#4 - Though encouraged, we do not require that authors provide support for their items. Do you? Considering how well your items sell, how do you manage to provide quality support to so many different buyers? Any tricks/short-cuts?

Yes, absolutely! Answering custom support emails is the easiest way to learn how to release better products and documentation in the future. Hearing what roadblocks users run into, what requests they have for customizations, and what they like best about my themes gives me an inside track to understanding how buyers are putting my products to use. This kind of information is like gold if you ask me, as it grants you a continuing education on the do's and don'ts of stock templates.

As far as the practicality of responding to every user question goes: I used to answer all emails within 24 hours like clockwork... lately though, I've been doing my best to answer everyone within a week at the most simply because my current freelance work keeps me busy during most days of the week. It takes time to give every email a genuine response, but it ultimately pays off with happy buyers and lessons learned. Without tapping into the kind of feedback that comes from buyer-questions, I'd have a difficult time improving the quality of work as I've been doing over the past 6 months.

As far as shortcuts go - there's no magic formula. However, proper documenting your product will significantly cut down on the number of questions that buyers have. After that, maintaining a FAQ page on your products that answers the most commonly asked questions will help out a lot as well.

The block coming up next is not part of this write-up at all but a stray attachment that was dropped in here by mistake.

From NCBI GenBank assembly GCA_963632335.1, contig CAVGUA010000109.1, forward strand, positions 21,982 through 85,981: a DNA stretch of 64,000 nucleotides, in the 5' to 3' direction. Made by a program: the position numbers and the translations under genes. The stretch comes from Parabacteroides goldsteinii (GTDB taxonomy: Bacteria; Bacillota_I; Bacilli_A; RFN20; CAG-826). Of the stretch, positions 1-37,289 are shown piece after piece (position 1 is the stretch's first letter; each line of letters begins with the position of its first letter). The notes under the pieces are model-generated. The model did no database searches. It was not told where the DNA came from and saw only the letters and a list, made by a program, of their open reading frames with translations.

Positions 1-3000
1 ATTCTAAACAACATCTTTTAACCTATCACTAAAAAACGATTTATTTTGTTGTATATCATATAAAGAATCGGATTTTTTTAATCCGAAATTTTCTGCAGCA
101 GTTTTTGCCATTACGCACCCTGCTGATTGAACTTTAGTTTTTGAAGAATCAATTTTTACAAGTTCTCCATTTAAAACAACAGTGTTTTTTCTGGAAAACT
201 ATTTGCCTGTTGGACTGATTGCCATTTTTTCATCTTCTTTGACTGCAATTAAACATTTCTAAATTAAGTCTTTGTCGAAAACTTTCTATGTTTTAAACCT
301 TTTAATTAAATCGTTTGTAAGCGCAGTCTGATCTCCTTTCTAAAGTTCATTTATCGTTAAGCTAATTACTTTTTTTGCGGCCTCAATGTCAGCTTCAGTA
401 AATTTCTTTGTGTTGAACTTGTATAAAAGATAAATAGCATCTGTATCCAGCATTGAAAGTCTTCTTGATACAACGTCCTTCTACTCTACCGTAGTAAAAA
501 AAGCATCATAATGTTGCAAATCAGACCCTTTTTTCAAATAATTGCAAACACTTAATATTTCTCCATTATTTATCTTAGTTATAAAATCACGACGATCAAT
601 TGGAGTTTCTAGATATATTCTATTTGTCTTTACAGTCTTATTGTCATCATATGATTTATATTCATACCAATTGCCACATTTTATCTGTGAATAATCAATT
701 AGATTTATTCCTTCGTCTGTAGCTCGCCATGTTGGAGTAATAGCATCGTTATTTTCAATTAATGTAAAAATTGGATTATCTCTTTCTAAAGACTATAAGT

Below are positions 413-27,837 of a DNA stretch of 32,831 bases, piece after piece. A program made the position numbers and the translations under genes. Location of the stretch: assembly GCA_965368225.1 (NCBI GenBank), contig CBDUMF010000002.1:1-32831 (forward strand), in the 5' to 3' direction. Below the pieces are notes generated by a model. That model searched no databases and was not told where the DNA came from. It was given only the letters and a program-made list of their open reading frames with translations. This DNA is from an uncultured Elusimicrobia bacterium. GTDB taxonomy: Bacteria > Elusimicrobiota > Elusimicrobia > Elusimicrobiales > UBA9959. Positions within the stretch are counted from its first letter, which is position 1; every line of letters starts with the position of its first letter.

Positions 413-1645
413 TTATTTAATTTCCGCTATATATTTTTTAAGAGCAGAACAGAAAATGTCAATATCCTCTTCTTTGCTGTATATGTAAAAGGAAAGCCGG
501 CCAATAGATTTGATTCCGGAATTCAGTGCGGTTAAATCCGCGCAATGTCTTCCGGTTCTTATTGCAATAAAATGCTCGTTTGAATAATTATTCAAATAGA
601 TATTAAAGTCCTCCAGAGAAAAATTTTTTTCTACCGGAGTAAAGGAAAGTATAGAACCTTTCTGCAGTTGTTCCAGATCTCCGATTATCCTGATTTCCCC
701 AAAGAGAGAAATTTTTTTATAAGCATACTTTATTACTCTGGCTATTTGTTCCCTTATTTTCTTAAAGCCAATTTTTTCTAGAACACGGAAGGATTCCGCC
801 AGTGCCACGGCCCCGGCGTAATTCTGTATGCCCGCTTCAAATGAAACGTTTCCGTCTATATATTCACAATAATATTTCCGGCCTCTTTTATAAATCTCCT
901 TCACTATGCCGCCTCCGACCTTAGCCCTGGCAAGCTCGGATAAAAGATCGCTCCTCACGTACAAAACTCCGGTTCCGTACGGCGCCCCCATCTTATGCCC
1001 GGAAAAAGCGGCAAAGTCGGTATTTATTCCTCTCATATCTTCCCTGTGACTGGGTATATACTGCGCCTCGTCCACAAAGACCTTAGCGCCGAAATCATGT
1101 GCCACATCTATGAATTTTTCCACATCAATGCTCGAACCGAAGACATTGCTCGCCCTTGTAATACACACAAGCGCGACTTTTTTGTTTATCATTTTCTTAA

#5 - Do you, or have you considered selling on the different Envato marketplaces as well?

Yep - I've worked in Flash for several years as well, and I'm hoping to begin releasing Flash templates in early 2010. I also release products now and then at GraphicRiver.

#6 - Many successful authors have noted that the biggest advantage to selling their designs through us is that it takes the client completely out of the design process, and, instead, allows the author full control. Would you agree? Any other advantages?

I totally agree! Not having to cater a design concept to one particular customer is incredibly liberating. If a user doesn't like what I've done with a design, they can keep browsing until they find what's right for them... but for those users who do like what I'm doing - they get an entire website for under $30! That's not bad for either side of the transaction if you ask me.

The other major advantage that I've seen with releasing work at ThemeForest is the lack of deadlines. I live and die by deadlines in my freelance work. At ThemeForest, you can take as long as you want to get a product "just right", and there's no client breathing down your neck waiting to see the final product. I have a number of people that follow my work now and always want to see the latest work that I'm releasing, but it's a totally different phenomena from "needing" to hit a deadline or risk getting into trouble with a client.